Protect trees and shrubs from winter wildlife damage: It’s a good time now, before the snow flies and the ground freezes, to put protective fencing around trees and shrubs that often experience damage from deer, rabbit, vole or mouse feeding over winter. Fruit trees, crab apples, burning bush shrubs, shrub hibiscus, low-growing junipers and arborvitaes are among the plants that are most commonly damaged. One material to use is ¼-inch mesh-size or ½-inch mesh-size metal hardware cloth. It works better than chicken wire, which has holes large enough for voles and mice to slip through. Hardware cloth is usually available in heights of 24 inches and 36 inches (also the ½-inch mesh is available in 48-inch height) and can be purchased in rolls, at most home improvement stores. Some hardware stores allow you to cut it to custom widths if you only need a small amount. I prefer to use the 36-inch-tall or 48-inch-tall mesh in case the snow is high; it also offers the most protection against buck-rub deer damage on tree trunks. You can splay the mesh out around the bottom of the trunk so it is flat to the ground. Use sod-staples (also called landscape stakes) that are U-shaped to pound through the holes in the mesh into the ground to prevent rodents from tunneling under the mesh. You can also mound a couple inches of bark on top of the area where the wire and ground meet for extra protection. The edges around the sides of the cylinder can be attached with thin rubber-coated wire or cable ties threaded through the mesh for easy removal in spring. Here at the Teaching Garden at the Dane County UW-Extension office we even screen over the top of the shrubs if deer have been an issue.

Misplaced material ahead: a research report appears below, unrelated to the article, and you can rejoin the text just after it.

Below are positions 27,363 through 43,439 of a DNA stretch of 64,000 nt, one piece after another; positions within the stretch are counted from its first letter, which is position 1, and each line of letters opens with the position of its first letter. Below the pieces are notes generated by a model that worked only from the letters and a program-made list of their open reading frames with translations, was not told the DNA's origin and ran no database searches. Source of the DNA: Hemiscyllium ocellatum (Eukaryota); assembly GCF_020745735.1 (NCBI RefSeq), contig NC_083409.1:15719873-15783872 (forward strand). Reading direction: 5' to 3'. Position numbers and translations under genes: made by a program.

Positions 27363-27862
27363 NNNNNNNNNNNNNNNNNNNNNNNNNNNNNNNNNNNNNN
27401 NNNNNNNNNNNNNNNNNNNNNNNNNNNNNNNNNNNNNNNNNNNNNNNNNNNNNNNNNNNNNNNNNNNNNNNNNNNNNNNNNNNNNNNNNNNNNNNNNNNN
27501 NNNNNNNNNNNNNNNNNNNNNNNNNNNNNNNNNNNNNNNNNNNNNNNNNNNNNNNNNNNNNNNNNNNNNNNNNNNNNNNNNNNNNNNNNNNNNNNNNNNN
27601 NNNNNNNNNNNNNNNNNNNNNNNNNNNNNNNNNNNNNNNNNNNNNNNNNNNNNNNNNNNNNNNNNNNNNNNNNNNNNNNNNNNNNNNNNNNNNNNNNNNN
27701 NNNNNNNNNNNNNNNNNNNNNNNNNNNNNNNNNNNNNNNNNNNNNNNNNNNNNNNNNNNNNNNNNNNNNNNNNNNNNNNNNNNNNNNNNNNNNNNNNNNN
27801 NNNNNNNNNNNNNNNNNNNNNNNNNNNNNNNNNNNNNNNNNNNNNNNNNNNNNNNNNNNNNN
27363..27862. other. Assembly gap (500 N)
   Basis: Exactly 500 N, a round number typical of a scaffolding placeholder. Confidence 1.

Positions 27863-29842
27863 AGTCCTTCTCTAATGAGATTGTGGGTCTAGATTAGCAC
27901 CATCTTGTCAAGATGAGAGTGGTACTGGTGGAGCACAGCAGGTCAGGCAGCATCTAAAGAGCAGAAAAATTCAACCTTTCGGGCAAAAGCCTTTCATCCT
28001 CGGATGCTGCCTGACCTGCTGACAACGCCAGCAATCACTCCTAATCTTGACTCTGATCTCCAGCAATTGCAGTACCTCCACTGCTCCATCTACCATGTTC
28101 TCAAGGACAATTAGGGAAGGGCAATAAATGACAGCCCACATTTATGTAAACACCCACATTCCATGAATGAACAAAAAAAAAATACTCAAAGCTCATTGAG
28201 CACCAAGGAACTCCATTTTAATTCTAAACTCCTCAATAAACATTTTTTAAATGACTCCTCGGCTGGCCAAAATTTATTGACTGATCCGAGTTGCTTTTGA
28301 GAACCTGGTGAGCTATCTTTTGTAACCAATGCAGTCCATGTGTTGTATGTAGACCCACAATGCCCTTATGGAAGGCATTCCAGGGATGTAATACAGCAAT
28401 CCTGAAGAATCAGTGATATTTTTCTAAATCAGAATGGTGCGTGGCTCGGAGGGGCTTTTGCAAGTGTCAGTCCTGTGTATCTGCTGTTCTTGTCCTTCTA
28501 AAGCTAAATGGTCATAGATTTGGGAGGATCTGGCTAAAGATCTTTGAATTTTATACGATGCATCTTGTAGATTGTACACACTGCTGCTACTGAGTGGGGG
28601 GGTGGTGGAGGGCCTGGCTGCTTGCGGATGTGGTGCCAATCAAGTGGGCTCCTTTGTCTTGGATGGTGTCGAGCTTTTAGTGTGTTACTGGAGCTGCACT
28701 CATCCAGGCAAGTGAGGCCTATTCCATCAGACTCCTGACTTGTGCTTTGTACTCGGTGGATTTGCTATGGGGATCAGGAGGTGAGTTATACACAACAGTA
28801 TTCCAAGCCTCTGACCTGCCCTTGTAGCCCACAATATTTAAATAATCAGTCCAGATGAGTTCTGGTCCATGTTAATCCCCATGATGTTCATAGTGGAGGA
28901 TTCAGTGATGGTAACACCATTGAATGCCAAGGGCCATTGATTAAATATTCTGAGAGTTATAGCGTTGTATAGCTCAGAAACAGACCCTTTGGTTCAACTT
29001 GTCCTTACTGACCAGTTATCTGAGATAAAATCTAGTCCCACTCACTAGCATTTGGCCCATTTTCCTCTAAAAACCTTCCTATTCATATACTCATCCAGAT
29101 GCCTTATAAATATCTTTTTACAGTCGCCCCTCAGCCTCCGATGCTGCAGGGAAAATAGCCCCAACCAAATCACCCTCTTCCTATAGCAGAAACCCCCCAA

Lisa Johnson, Dane County UW-Extension horticulture educator

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